The Stats:

  • We’ve signed up over 25,000 customers for our service (i.e. they have said, “Yes I want this service”)
  • We have started service for ~12,000 of those customers (i.e. they have started to receive the NextDrop SMS updates)
  • We have billed ~2700 of those customers in April (~1200 of those paid an advance payment of 3 months for the service).  In the middle of April we decided to experiment by making it mandatory to pay 3 months advance payment to receive the service (to reduce billing costs) and everyone we billed paid the advance
  • We have a customer retention rate of ~ 98% (50 customers deactivated the service of the 2700 billed)

Here are the main challenges we are currently facing:

  • There’s a lag between when we recruit the customers, and when we start their service.  This is because we’re down to our last few valvemen in Hubli to train, and it’s been difficult. They need to make 2 consecutive calls to “graduate” (i.e. they show us they know how to use the NextDrop IVR), but the problem is they say they forgot, or they misplaced their mobile, or they forgot the list with their valve ID numbers.  At the end of the day, the result is that we can’t start providing service to these customers until they get it right.
  • Learnings: In the next city, I think we want to get the water board more heavily involved in the training process, and have them organize sessions where we train 40-50 at once, instead of the more ad hoc way we are doing it now. That way, we also have immediate authority and they know this is something important that they have to do as part of their job.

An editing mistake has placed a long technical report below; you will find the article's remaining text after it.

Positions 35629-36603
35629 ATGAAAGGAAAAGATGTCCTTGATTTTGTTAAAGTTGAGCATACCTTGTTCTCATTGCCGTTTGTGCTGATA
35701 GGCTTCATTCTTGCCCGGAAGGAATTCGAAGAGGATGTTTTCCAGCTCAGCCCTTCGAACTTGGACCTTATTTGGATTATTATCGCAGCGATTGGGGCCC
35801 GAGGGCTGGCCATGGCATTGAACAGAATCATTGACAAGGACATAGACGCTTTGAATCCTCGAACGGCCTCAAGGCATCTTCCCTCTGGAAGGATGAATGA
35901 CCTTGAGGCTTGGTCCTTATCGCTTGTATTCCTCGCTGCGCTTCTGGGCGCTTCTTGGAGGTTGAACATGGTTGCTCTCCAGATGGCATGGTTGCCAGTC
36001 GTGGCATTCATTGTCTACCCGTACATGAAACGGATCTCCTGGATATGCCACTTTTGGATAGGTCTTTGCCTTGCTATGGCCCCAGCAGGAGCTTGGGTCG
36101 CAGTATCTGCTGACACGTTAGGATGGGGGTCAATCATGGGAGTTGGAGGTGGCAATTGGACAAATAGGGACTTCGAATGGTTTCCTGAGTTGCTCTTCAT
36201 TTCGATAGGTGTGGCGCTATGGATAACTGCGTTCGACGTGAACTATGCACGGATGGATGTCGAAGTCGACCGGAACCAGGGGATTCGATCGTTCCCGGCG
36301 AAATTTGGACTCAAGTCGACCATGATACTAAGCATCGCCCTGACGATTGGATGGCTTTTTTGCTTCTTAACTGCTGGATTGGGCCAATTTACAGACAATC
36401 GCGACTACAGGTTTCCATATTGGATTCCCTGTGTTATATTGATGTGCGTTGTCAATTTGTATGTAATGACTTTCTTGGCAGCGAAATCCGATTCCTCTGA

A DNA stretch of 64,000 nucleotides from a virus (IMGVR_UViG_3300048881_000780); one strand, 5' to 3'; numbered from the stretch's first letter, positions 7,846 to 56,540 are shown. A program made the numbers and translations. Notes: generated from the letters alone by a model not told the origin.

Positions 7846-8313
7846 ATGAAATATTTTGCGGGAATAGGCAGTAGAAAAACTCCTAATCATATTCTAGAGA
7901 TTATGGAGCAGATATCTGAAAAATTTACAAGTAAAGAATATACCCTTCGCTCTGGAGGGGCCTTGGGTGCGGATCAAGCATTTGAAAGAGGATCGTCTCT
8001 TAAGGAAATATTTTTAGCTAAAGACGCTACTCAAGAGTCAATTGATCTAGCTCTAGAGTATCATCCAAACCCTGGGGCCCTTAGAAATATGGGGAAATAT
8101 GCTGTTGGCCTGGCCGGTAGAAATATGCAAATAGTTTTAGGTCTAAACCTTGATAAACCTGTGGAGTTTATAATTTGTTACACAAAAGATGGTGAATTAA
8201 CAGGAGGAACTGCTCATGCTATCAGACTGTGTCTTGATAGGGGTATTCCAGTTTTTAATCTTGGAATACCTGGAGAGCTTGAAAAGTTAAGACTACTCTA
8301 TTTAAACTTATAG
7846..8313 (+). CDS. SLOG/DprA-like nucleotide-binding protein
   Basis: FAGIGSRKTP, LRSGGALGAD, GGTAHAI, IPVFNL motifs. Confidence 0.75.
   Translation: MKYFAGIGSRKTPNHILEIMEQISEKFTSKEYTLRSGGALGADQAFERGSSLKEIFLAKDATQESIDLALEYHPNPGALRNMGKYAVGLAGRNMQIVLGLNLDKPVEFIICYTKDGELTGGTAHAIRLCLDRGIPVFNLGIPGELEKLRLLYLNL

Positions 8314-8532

• After launching the service, it was time consuming to go around and find all the people that signed up for the service (Because, as many of you know, addresses don’t mean much in India).
  • Learning: We realized that in order for this to be at all sustainable, we need to collect for at least 3 months at a time, otherwise our billing costs will be too high. We’ve proved that people are willing to pay the 3 month advance, so now we’re scaling up.  We’ve hired 5 professional billers to go door to door and bill our customers.  We need to see if we can bill at least 10,000 customers a month.  If we can do that, then we’re in the game.  We’ll know in the next month if this will work.
  • Making sure people are getting the right messages (i.e. they are placed in the correct valve area).  We’re still trying to figure out if people don’t get the right messages because a) they are in the wrong valve area or b) they have a cellular network issue (which is definitely a problem sometimes).
  • Learning: We are trying to implement a system where we call each customer 2 weeks after he/she starts the service to see if the messages are on time.  Customers have also started reporting that the messages are off, so that’s a good sign (i.e. we’re getting more customer feedback).  We just started implementing these processes, so we’ll have better updates on if this catches issues in the next few months. We’re going to have to do a good job of bundling things together (i.e. billing+feedback+other things) so as not to bother customers, but we’ll figure out the best way to utilize our customer touchpoints

So if you don’t hear anything from us for the next couple of months, this is what we’re working on!

Also, we are hiring for various positions (check out a few of the posted ones here, on our new and improved website).  If you’re interested, do get in touch with us